Pediatric Chemotherapy-Induced Nausea and Vomiting Medication

Updated: Aug 07, 2018
  • Author: Reuven J Schore, MD; Chief Editor: Max J Coppes, MD, PhD, MBA  more...
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Medication

Medication Summary

Various prevention and treatment options are available and contribute to the overall successful treatment of cancer. [2, 12, 13, 14, 15, 16, 17, 18, 19, 20, 21, 22, 23, 24, 25] For guidance regarding selection of antiemetic regimen, see the table above. For treatment of anticipatory, breakthrough, or refractory emesis, see the recommendations above.

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Antiemetic, serotonin antagonists

Class Summary

These agents bind serotonin receptors to prevent chemotherapy-induced nausea and vomiting.

QT prolongation may occur with use of 5-HT3 antagonists (eg, ondansetron, dolasetron, granisetron). Avoid use in patients with long QT syndrome. Correct hypokalemia and hypomagnesemia before initiating. EKG monitoring may be warranted when coadministered with other drugs that may prolong QT interval, bradyarrhythmias, or congestive heart failure.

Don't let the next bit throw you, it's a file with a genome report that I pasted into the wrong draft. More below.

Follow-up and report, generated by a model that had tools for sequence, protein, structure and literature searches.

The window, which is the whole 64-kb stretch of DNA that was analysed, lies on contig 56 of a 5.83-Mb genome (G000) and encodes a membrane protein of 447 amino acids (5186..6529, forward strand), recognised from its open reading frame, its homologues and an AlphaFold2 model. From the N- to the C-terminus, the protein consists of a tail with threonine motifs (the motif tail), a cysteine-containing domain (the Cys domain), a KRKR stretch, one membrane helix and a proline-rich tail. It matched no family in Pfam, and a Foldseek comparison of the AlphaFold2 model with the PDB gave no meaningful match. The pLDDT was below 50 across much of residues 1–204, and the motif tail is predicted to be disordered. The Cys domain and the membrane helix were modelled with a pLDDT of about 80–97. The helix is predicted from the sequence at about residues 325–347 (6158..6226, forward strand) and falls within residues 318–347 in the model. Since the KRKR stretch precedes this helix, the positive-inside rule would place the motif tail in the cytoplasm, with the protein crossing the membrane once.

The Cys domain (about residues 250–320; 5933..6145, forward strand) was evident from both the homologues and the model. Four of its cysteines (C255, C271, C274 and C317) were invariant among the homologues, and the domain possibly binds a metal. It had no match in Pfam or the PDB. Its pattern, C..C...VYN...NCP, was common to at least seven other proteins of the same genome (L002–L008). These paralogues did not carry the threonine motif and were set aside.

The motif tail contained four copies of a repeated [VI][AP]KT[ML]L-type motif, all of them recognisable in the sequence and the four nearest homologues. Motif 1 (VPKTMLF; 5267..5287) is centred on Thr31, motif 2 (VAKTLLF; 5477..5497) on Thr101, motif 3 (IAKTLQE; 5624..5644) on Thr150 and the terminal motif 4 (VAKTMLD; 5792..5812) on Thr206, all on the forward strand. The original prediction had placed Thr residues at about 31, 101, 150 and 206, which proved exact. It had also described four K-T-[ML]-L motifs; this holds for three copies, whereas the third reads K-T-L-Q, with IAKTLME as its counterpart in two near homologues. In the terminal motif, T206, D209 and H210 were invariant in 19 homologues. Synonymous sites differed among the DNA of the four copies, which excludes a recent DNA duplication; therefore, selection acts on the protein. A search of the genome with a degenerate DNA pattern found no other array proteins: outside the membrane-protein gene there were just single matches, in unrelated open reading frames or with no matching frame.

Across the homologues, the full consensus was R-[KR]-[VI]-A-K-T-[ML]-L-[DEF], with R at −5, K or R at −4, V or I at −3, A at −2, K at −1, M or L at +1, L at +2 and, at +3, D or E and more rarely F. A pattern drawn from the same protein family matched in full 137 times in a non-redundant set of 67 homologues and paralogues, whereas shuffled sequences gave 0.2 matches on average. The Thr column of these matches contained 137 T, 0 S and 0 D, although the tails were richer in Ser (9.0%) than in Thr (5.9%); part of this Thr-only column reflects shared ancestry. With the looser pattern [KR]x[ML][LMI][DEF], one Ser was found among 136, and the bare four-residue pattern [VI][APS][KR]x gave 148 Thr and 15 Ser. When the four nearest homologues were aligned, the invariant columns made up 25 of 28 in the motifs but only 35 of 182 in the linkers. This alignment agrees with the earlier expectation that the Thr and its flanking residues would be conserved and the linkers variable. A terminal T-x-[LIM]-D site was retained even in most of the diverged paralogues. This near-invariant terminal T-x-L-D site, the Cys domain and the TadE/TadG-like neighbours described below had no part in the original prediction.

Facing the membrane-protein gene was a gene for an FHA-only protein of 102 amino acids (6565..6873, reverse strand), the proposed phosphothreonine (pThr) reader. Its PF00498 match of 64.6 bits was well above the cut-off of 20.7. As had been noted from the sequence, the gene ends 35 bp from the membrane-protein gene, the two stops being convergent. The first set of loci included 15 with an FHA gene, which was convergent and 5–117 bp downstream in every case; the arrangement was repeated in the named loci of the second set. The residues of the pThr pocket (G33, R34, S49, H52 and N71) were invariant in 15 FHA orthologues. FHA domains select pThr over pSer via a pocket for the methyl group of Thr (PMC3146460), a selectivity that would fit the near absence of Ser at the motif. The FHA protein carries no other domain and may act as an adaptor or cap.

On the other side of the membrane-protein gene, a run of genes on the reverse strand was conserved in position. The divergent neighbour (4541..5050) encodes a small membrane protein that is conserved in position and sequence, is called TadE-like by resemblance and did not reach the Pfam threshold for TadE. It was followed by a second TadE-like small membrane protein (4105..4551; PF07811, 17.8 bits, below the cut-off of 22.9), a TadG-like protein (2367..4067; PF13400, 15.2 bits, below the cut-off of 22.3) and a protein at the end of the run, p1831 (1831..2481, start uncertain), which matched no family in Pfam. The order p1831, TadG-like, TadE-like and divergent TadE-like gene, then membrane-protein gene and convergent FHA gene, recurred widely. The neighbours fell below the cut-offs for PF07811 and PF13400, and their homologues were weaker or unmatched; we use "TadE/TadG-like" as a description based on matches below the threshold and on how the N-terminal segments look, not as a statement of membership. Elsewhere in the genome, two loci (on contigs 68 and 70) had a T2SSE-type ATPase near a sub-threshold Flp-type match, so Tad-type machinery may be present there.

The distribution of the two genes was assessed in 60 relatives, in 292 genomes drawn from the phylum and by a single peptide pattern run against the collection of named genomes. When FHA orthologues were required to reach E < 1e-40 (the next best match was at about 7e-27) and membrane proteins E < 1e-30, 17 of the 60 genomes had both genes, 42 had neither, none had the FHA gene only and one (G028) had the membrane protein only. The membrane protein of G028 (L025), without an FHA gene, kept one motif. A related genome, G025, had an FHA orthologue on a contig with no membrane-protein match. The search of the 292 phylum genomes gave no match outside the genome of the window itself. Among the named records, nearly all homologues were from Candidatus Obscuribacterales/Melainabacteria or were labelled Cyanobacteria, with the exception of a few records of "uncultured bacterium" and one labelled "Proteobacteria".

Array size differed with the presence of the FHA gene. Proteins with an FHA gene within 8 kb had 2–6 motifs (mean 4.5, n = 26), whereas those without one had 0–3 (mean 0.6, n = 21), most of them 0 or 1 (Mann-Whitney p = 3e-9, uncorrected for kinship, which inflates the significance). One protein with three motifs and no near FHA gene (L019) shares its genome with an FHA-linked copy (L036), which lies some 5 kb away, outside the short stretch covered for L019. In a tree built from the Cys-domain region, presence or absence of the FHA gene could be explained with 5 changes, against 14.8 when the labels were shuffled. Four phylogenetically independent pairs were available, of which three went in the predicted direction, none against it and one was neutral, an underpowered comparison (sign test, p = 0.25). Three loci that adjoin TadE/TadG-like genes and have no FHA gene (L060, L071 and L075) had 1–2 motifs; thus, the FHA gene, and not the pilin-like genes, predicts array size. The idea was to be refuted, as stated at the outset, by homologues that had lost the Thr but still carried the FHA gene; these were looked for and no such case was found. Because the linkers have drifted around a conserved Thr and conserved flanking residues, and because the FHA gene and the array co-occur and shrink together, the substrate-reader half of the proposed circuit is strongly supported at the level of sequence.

IV dolasetron is no longer indicated for CINV because of risk for QT prolongation. Palonosetron has been studied for its effect on QT interval, and results showed no significant effect at doses of as much as 2.25 mg. Although the increased QT interval warning with palonosetron use has been removed by the manufacturer, monitoring patients receiving other drugs known to cause QT interval prolongation may still be wise.

In June 2012, the 32 mg IV dose of ondansetron was removed from the prescribing information because of dose-related QT prolongation. The recommended dose for ondansetron IV for chemotherapy-induced nausea and vomiting is 3 doses of 0.15 mg/kg (not to exceed 16 mg/dose) IV 30 minutes before chemotherapy and repeated 4 and 8 hr after the first dose. [26]

In May 2014, palonosetron was approved by the US Food and Drug Administration (FDA) for prevention of CINV in children as young as 1 month. Approval was based on a randomized, double-blind, noninferiority, pivotal trial that compared single-dose IV palonosetron (20 mcg/kg given 30 min prior to chemotherapy) with the current standard of care, IV ondansetron regimen (0.15 mg/kg given 30 min prior to chemotherapy), followed by infusions 4 hours and 8 hours after the first dose of ondansetron. Within the first 24 hours after chemotherapy, complete response, defined as no vomiting, no retching, and no antiemesis rescue medication, was achieved in 59.4% of patients who received palonosetron compared with 58.6% of those who received the ondansetron regimen. [27, 28]

Dolasetron (Anzemet)